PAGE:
July 24, 2008


Let me praise the humble hot dog (Larry Roberts, 7/24/08, Pittsburgh Post-Gazette)

There are so many kinds of dogs and so many places to find them. You've got your white hots in Rochester, N.Y.; your New Jersey rippers (deepfried in oil until the dog splits); coneys in Detroit; Chicago dogs in, well, where else; and Italian dogs, resting in a hoagie roll and hidden by fried peppers and onions and potatoes in Newark, N.J.

I know that my family's eating habits have been directed by my desire to try every one possible. My son recently called to tell me about finding in Manhattan a deep-fried hot dog wrapped in bacon and topped with red kimchee puree, since he knew that I had chowed down on regular kimchee dogs in Toronto.

Oh, the tales of those dogs! Perhaps the best bonding experience I had with my father was the night I was standing on a stool behind the counter of his Dayton, Ohio, pharmacy, counting pills from a large bottle and putting them into small boxes. I won't tell you how young I was, but it was an early evening and he made a telephone call and moments later here came Pete, and I knew him only as Pete, the Greek owner of Pedro's Chili House next door. He had a plate with the smallest hot dogs I had ever seen, covered with his special soupy chili. It was my first experience with the affinity Ohio Greeks had with chili and an experience I would repeat in Dayton, Cincinnati and Toledo, where Rudy's, a Greek joint, did battle for my hot dog dollars with the legendary Tony Packo's Hungarian hot dogs -- of "M• A• S• H" fame.

Chili on frankfurters was something I had never seen in New York City, where my grandfather and I used to have lunch down the street from Willoughby Camera, where he worked on 32nd Street with a view of Madison Square Garden at one end and Leo's hot dogs at the other. What made Leo's palatable to my grandfather was that they were Hebrew National and definitely kosher. Topped with sauerkraut and bolstered by a cold drink of pineapple juice, they were a great way to visit with the man who got me into the photo business. Alas, like most of my New York, the storefront is now empty.

The next wave of pooch parlors includes Gray's Papaya, Papaya Dog and a burgeoning group of imitators. It's dogs and kraut and/or onion sauce and a choice of very sweet fruit drinks for less than $4. Of course, it used to be less than $3, but they still are a bargain.

...God's gift to the inebriated.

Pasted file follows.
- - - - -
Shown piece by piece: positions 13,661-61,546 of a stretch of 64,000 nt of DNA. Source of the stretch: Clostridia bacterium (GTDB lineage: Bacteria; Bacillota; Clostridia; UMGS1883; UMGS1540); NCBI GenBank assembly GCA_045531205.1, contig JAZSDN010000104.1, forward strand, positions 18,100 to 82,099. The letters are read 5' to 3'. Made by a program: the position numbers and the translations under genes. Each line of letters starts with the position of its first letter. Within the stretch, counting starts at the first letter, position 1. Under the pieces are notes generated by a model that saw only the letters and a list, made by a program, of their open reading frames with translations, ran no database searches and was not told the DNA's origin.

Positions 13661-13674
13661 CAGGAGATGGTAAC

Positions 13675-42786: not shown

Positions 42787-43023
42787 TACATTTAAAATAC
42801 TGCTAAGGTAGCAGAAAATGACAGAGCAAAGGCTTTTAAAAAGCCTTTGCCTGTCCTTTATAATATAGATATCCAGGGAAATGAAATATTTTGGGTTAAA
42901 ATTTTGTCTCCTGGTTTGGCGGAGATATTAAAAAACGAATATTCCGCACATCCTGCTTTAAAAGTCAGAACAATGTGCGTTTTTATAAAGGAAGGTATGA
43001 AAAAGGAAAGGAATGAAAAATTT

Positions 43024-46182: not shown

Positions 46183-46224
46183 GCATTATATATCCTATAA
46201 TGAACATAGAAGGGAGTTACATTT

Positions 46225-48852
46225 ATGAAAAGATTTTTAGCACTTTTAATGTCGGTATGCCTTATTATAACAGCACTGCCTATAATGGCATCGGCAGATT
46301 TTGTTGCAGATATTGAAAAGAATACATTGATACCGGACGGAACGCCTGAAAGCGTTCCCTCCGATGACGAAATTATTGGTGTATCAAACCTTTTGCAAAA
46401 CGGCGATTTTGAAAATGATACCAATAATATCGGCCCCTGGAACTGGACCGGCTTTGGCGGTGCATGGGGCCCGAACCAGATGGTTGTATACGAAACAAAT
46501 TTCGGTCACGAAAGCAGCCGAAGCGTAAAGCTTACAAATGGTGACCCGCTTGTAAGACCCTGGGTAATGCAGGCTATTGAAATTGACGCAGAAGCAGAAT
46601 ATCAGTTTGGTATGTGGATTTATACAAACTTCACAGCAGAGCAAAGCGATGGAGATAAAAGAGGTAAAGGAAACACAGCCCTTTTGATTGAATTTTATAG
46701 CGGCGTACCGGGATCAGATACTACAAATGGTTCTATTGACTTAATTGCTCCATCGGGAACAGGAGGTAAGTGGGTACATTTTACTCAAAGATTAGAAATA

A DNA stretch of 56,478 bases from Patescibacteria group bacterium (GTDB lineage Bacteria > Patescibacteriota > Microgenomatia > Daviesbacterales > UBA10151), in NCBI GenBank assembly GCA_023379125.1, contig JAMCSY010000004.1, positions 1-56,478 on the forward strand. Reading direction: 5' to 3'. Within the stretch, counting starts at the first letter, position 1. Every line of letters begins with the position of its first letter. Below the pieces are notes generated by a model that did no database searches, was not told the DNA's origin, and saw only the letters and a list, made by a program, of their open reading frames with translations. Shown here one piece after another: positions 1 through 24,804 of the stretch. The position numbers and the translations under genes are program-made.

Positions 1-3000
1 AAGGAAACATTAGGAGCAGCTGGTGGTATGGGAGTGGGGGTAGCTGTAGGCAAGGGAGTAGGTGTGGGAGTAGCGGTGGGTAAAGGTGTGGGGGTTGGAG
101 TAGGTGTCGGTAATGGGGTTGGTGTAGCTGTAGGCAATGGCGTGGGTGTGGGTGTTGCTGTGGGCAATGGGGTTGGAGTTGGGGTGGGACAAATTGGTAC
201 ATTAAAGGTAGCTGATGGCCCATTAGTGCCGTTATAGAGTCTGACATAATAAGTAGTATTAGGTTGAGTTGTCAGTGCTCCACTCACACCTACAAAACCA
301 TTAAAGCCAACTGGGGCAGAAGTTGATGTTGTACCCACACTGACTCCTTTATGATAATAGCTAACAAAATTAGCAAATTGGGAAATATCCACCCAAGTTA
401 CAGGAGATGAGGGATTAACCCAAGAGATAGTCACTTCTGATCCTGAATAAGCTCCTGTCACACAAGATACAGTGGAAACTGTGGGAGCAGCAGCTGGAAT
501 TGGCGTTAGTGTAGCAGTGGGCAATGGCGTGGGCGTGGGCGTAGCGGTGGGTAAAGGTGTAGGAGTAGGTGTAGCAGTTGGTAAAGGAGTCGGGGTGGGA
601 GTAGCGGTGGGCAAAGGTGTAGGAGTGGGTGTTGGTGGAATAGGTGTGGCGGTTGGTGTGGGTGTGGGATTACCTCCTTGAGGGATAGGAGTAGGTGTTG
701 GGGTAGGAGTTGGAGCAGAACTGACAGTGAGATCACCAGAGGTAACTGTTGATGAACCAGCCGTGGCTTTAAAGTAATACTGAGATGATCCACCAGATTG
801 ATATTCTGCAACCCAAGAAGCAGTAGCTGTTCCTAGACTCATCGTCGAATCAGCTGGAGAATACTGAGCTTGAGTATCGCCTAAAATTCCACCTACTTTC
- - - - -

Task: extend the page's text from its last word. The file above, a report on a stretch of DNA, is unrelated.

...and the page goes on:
Posted by Orrin Judd at July 24, 2008 7:54 PM

Although I have not had time to explore widely, I have nevertheless found several excellent hotdoggeries around the country.

For the classic "Chicago" dogs, I like Portillo's and Superdawg. A third favorite, Golda's, alas, is no more.

In LA, I like Tommy's (for chilidogs) and Pink's.

In Seattle, there is the Frankfurter and also Matt's Famous Chilidogs (which also serves them "Chicago style").

Anyone else with favorites please chime in; I am still eager to find new vendors to try.

Posted by: HT at July 24, 2008 9:04 PM

Check out the Holly Eats site, if you haven't already, particularly the hot dog page. If I knew what I was doing I'd put a link here for you.

Only gas and New York City real estate have kept pace with Gray's prices. I think they were a quarter apiece a decade ago. I was there last week and paid $1.25. Still, four dogs and a Pina Colada for six bucks is a delicious bargain meal.

Posted by: David Hill, The Bronx at July 24, 2008 9:31 PM

"Chili" on a hot dog is an abomination before the Lord. Hopefully eternal damnation awaits the purveyors of such a product.

As for Superdawg, I've lived within walking distance of that mecca of encasedmeatdom for more than four glorious years now -- tho sadly that will be ending in a few short weeks.

Posted by: Jim in Chicago at July 24, 2008 11:06 PM

Also, if we're truly talking about God's gift to the inebriated that is in reality the garbage plate at Nick Tahoe's in Rochester, NY. Peace be upon it.

Posted by: Jim in Chicago at July 24, 2008 11:11 PM

David: interesting site. Found a few places I'd been to, now all (sadly) closed.

Jim: I hope that you mean you're moving, and not that Superdawg is closing.

In General: I forgot to mention Top Dog in Berkeley. Fabulous hot dogs. And, oddly enough, run by a conservative. Check out his website and his "properganda" (sic) page for confirmation.

Posted by: HT at July 24, 2008 11:38 PM

Ahh, Cincinnati chili dogs! I sorely miss those delicious things. They also use the miniature dog the author spots in Dayton, and a unique chili of boiled ground beef that includes some cinnamon and chocolate. The leading chain is Skyline, pronounced "skah-LEE-nee" when those with tongue in cheek wish to make it sound like someplace fancy.

Posted by: PapayaSF at July 24, 2008 11:45 PM

In Miami, try Dogma...good dogs, prepared about a dozen different ways...they also have great fries...

A style of hot dog I've also discovered here (and in Bogota) is a Colombian hot dog: a regular hot dog with ketchup, mayonaise and pineapple...the pineapple is minced and in juice and almost has the consistency of a sauteed onion...really, really good...Best enjoyed with a rafajo, which is essentially a Colombian shandy (beer...preferably Aguila...mixed with Colombiana, which is a champagne-flavored soda)....

Posted by: Foos at July 25, 2008 10:43 AM

Nah HT. I'm moving. Superdawg remains.

That sounds really good Foos -- er, except for that bit about the ketchup. The 11th commandment is thou shalt not put ketchup on a hot dog.

Posted by: Jim (soon not to be) in Chicago at July 25, 2008 12:13 PM

JibJab, on State Route 422 in Girard, Ohio. They don't cheat you on the fries, either.

Posted by: Bob Hawkins at July 25, 2008 2:50 PM
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